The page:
Uploaded by Gabrielle Guarino

Contract Law Outline

Intro to Contract Law & Enforceable Promises
Functions & Sources of Contract Law
Remedies (Damages)
Promises Enforced as Deeds
Consideration as Basis for Enforcement
Hamer v Sidway (1891, USA)
Dalhousie College v Arthur Boutilier
Past Consideration
Mills v Wyman (1825, USA)
Eastwood v Kenyon (1840, UK)
Lampleigh v Brathwait (1616, UK)
Exceptions to Past Consideration (valid)
Adult promises to re-pay debt incurred as child (Eastwood)
Promising to re-pay debt that was previously enforceable
after limitation date (Mills v Wyman)
Promising to re-pay debt previously discharged from
bankruptcy (Mills v Wyman)
When past promise is given (at promisor’s request) which
implied agreement that there would be future exchange
(Lamleigh & Pao On)
Functions that Consideration Serves (Fuller)
a) Evidentiary b) Cautionary c) Channeling
Consideration Must have Value but not Adequacy
Thomas v Thomas (1842, UK) “peppercorn”
Forbearance from Suing as Consideration
B(DC) v Arkin (1996, Man)
Illusory Promises (Invalid C | Req. of Bargain)
Strong v Sheffield (1895, USA)
Wood v Lucy Lady Duff Gordon (1917, USA)
Public Duty
Ward v Byham (1956, UK)
Pre-Existing Contractual Legal Duty
Promises to Accept More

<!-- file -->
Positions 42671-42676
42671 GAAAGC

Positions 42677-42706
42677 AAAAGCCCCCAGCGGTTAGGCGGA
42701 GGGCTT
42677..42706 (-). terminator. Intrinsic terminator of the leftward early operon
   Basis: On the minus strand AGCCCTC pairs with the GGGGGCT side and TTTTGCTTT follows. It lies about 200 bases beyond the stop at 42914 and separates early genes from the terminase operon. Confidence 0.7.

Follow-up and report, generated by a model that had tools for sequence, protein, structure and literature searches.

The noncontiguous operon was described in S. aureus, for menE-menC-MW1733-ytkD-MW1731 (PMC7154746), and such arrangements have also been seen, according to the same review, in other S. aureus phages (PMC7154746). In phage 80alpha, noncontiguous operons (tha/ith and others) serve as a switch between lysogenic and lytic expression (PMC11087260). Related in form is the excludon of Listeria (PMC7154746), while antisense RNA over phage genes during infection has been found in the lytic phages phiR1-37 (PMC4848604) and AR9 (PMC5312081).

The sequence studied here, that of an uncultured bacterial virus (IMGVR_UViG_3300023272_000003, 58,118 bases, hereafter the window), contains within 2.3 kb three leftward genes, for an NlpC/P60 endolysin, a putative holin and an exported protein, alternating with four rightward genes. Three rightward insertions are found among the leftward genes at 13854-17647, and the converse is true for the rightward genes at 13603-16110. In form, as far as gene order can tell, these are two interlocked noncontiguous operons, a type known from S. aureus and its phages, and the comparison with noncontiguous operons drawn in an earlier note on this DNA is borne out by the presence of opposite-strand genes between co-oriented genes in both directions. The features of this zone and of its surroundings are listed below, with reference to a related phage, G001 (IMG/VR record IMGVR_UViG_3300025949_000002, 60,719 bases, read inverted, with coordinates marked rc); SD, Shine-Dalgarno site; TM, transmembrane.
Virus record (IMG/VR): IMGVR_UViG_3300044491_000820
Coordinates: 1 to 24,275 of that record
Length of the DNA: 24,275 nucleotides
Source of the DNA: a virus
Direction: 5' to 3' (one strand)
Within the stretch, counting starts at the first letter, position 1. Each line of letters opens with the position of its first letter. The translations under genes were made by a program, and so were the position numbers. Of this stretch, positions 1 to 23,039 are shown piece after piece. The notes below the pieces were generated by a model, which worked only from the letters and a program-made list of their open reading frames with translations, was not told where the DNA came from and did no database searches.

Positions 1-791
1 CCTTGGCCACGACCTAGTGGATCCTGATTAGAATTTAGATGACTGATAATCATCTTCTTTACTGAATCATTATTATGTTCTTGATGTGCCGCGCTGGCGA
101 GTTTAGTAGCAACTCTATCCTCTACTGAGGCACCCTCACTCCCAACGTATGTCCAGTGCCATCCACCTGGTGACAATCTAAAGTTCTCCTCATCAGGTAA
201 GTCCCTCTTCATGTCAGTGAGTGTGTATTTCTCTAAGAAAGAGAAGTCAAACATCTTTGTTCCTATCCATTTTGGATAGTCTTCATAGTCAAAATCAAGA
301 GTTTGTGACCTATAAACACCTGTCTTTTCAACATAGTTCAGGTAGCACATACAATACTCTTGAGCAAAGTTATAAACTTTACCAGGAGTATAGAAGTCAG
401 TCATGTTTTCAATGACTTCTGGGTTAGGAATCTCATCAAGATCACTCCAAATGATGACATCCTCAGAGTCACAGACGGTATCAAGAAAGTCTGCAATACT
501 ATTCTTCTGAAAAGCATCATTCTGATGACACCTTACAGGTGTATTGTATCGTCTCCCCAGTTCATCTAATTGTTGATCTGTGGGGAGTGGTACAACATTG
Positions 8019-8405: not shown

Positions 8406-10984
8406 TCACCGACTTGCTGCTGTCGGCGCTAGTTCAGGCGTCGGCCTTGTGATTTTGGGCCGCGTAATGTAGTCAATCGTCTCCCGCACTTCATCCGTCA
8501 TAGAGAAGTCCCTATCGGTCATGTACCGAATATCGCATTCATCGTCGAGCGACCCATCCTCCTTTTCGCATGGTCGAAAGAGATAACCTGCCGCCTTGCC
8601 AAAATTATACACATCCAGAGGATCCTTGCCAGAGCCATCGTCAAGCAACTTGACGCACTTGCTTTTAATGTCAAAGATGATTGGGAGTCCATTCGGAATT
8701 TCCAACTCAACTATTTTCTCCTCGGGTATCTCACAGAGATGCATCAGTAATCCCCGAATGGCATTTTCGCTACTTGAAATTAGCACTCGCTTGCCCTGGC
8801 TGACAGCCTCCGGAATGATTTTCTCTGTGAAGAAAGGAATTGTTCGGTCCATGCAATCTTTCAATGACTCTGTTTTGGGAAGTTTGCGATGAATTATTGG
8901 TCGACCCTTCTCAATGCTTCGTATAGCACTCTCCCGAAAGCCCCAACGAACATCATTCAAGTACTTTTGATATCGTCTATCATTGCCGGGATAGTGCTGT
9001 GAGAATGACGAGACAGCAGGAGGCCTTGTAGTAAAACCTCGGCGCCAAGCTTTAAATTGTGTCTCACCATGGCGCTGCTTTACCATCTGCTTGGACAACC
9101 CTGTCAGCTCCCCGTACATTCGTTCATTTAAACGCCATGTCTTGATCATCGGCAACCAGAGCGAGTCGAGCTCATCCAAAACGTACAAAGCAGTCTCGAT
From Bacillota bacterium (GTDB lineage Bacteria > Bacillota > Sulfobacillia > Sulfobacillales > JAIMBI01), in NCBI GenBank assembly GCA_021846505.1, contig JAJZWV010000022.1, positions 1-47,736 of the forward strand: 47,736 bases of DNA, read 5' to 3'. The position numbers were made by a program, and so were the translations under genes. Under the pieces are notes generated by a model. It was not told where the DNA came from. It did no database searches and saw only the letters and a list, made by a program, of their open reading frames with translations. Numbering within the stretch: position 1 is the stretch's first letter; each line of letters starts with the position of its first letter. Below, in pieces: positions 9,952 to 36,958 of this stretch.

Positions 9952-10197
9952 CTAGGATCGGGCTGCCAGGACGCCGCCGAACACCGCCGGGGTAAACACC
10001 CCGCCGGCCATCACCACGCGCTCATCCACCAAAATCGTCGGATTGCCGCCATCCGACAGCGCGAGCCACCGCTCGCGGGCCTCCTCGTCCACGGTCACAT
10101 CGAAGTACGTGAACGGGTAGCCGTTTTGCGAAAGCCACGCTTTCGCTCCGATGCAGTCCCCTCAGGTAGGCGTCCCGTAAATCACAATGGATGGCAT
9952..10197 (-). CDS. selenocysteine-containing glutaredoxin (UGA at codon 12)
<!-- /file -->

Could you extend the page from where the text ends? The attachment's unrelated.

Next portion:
Stilk v Myrick (1809, UK)
Gilbert Steel v University Construction (1976, UK)
Williams v Roffey Bros & Nicholls (1990)
Pre-Existing Legal Duty (Accept More) & Reforms
Greater Fredericton Airport v NAC Canada (2008, NB)
Rosas v Toca
Promises to Accept Less (Accord & Satisfaction? Judicature Act?)
Foakes v Beer
Foot v Rawlings
Pre-Existing Duty Owed to a Third Party
Pao On v Yiu Long (1980)
General PE & Waiver Concepts
Hughes v Metropolitan Railway (1877, UK)
Central London Property Ltd v High Trees (1947)
John Burrows v Subsurface Surveys
Combe v Combe
Different Versions of Promissory Estoppel
Narrowest: pre-existing relations + agree to accept less (Gilbert)
Middle: pre-existing relations only (Dunn v Vicars)
Broadest: just reliance on promise (High Trees | Walton Stores)
5 Key Aspects for Promissory Estoppel in Canada
BC Law & Equity Act (statutory rules)